1. Reread your work from bottom to top instead of from top to bottom. Your mind can sometimes trick you by efficiently "filling in" a missing word when you are reading from top to bottom.
  2. Print a copy of your correspondence and read it out loud and see how it sounds or use the applications some word processors have for text-to-speech.
  3. If possible and appropriate, save it as a draft and leave it alone for a while, at least for an hour and even overnight. Reread it the next morning when your mind is a little fresher and you have been away from it for a while (particularly useful when you are crafting a note in haste or anger!).
Tip: These might help a bit but there are few "tricks" to improve communication if you are not willing to give it the time and respect the recipient deserves.

© 2010 Institute of Management Consultants USA

Tags:  client relations  communication  quality 

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#347: You Are Not Too Busy to Plan Your Business

Posted By Mark Haas CMC FIMC, Tuesday, July 13, 2010
Updated: Tuesday, July 13, 2010
I suspect I should follow the advice I give to clients when I tell them they need to rigorously plan their future. However, I think consulting is different, in that I am always attuned to changes in the market and client needs. If I have the advantage of always being on top of evolving needs and am agile enough to respond, why should I prepare a complex, formal plan? Besides, that is just time I could be billing or relaxing.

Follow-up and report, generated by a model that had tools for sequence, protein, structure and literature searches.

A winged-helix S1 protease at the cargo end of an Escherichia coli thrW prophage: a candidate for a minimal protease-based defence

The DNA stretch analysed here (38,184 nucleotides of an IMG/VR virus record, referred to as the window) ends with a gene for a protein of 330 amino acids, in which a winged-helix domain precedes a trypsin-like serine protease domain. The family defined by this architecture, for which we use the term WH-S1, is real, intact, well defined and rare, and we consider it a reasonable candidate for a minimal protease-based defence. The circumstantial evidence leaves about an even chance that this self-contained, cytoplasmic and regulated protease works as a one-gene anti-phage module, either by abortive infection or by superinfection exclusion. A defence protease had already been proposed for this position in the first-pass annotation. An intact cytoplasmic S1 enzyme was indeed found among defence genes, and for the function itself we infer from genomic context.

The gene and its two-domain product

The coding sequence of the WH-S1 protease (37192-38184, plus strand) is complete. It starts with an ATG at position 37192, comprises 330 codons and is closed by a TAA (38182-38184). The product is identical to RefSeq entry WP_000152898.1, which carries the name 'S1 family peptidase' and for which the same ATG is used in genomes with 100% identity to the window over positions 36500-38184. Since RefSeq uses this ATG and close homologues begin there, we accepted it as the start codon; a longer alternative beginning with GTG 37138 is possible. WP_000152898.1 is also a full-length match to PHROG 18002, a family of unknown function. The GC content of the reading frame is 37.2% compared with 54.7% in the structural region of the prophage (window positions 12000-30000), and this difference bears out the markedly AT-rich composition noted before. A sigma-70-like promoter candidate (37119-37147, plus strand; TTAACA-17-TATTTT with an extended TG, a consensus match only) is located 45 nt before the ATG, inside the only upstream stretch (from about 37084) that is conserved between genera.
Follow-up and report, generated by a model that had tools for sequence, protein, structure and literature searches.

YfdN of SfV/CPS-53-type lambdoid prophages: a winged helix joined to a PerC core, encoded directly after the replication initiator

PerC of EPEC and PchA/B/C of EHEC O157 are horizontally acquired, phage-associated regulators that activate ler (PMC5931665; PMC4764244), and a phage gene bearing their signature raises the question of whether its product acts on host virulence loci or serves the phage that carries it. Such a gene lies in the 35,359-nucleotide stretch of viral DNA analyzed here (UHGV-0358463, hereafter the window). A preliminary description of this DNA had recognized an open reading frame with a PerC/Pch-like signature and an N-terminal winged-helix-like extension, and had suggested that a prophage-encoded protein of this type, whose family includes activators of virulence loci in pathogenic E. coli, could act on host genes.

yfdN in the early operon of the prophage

The notion of "planning" warrants some explanation. Dwight Eisenhower said, ""In preparing for battle, I have always found that plans are useless, but planning is indispensable." It is not necessary to (a) create a complex, formal plan as you say, (b) spend a tremendous amount of time planning, or (c) consider a plan an immutable commitment of action for a long period of time. Planning is about making yourself aware of your capabilities (both strengths and opportunities for improvement), alternative scenarios in the market, and risks - al in the context of some explicit objectives and principles. It is a longer view than your perceive and adapt approach you imply. It is the habit of thinking in a structured way about your possible futures, but doing so with an eye to a desired future state. Your past success in adapting to a changing market is not necessarily a confirmation that you are making progress toward your goals.

Tip: Pick a planning framework and commit to quarterly planning sessions, preferably with a colleague or two, if not your advisory board. Annually this could be a half or full day, and quarterly a hour or two to review and defend your choices. It is about habit and progress toward a goal, not just staying alive in business for yet another quarter that is the mark of success.

© 2010 Institute of Management Consultants USA

Tags:  planning  practice management  your consulting practice